17. Some 25% of the Gypsy and Traveller population who live in caravans in England and Wales are either on unauthorised encampments or unauthorised developments and, therefore, many of those people will be directly affected by these proposals. At CLP we estimate that at least 75% of our ‘accommodation cases’ for our Gypsy and Traveller clients would no longer be within scope.

18. As is, of course, well known, the Gypsy and Traveller community are one of the most vulnerable and disadvantaged communities in England and Wales in terms of health, education and discrimination and it is almost universally accepted that these disadvantages and problems would be addressed if there was adequate site provision.

19. Up to 25% of this population are homeless compared with 0.1% of the settled population.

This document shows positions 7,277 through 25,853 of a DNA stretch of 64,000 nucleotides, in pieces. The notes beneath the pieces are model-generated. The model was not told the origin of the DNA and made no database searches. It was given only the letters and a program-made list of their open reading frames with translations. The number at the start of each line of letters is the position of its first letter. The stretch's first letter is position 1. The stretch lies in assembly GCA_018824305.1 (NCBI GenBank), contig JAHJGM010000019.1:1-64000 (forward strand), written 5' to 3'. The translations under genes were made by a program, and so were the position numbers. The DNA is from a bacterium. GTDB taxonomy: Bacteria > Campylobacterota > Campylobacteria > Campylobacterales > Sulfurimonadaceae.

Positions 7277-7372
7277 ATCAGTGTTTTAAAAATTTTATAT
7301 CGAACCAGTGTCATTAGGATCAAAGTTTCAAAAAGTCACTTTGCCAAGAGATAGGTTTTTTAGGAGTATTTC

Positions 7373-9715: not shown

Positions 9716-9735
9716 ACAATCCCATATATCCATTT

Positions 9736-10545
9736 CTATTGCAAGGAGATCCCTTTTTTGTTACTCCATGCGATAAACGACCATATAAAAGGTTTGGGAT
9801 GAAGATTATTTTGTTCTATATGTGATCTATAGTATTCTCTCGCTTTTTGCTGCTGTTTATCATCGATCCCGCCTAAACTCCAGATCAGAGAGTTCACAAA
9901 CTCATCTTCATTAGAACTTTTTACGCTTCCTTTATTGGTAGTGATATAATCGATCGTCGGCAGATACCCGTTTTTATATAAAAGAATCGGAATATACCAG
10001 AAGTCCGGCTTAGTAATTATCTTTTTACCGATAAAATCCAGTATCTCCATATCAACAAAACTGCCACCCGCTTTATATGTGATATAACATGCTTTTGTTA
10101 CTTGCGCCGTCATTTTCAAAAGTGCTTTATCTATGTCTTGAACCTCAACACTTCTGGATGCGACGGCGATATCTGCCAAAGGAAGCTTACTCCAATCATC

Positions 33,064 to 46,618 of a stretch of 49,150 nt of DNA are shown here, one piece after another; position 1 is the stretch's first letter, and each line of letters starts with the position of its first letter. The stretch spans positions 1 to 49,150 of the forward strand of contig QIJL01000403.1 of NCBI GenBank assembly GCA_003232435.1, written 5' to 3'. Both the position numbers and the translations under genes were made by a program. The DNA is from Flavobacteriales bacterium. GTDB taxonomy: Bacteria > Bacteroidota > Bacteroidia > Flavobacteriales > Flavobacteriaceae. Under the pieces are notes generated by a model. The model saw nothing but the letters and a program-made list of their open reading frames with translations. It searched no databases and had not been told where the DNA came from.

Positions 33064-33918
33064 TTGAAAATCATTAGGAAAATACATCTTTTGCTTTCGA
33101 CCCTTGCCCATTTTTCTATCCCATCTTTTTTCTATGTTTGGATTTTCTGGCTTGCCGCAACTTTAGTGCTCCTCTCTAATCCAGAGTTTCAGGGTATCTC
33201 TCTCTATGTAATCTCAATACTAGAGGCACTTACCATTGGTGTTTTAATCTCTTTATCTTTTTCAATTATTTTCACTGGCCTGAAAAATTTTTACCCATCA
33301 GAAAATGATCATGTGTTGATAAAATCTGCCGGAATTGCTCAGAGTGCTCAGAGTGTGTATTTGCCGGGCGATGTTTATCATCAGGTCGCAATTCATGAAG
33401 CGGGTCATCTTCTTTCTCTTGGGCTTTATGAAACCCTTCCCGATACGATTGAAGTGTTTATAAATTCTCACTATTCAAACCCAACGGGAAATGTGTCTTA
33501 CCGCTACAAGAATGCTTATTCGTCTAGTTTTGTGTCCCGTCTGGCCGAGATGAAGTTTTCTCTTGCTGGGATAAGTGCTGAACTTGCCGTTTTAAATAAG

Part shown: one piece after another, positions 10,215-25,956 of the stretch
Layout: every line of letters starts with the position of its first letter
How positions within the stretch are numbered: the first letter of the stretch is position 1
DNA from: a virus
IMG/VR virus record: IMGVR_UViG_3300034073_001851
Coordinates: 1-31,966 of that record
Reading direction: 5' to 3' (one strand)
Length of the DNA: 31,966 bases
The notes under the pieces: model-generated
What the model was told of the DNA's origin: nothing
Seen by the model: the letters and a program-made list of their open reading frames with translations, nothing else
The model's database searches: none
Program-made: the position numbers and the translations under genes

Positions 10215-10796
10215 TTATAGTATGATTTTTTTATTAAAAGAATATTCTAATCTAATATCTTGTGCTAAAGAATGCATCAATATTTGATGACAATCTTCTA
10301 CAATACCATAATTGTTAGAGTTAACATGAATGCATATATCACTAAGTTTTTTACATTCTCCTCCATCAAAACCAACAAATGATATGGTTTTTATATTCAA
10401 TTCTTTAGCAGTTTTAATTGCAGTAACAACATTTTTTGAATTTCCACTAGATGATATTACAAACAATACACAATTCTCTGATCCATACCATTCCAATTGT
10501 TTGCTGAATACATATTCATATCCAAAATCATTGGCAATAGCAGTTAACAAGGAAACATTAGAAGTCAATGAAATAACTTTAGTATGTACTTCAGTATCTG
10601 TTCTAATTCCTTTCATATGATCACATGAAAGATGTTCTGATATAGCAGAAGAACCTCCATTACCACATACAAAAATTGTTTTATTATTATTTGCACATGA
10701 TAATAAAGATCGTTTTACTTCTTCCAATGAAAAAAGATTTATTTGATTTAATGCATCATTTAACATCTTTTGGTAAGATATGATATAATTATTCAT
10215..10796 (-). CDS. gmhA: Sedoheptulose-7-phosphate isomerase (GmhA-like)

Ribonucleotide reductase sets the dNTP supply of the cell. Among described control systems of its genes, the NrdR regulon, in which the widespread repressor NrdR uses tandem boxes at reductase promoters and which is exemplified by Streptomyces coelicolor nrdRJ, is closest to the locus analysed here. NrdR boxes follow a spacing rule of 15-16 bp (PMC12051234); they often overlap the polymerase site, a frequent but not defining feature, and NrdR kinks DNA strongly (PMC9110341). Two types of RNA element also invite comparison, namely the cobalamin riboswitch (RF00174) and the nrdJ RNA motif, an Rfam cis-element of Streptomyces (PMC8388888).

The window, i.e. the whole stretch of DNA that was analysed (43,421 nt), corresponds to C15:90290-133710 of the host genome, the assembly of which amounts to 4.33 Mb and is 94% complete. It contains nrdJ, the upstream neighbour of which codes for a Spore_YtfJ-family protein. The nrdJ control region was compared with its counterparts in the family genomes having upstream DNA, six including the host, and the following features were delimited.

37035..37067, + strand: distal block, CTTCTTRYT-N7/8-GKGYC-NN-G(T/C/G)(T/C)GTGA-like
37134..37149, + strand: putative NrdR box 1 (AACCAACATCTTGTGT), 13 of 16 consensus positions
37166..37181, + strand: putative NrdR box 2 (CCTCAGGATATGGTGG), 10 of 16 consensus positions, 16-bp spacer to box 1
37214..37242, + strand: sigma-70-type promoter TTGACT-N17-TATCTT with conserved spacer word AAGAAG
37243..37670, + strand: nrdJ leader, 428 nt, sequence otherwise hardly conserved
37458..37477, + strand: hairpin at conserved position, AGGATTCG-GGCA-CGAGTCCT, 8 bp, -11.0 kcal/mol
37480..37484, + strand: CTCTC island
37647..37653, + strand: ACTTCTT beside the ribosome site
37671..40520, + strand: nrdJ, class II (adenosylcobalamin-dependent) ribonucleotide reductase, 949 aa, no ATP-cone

20. Those advising and representing Gypsies and Travellers on eviction cases know that many local authorities fail to follow the Government guidance on unauthorised encampments, fail to take into account Human Rights considerations, fail to address relevant caselaw, and fail to follow a proper and reasonable process. If Gypsies and Travellers involved in High Court planning cases are unsuccessful, then that will result in loss of their home and homelessness.

21. There has been some publicity surrounding the Bill stating that Legal Aid will be refused to "squatters". This publicity refers to a few high profile cases where expensive properties have been squatted. It is rather ironic, therefore, that the exclusion in the Bill does not seem to necessarily cover "housing"! It would appear, therefore, that squatters in houses could potentially obtain Legal Aid. However, it should also be pointed out that it would be extremely rare for squatters in houses to obtain Legal Aid. The Explanatory Notes to the Bill state (at para. 671):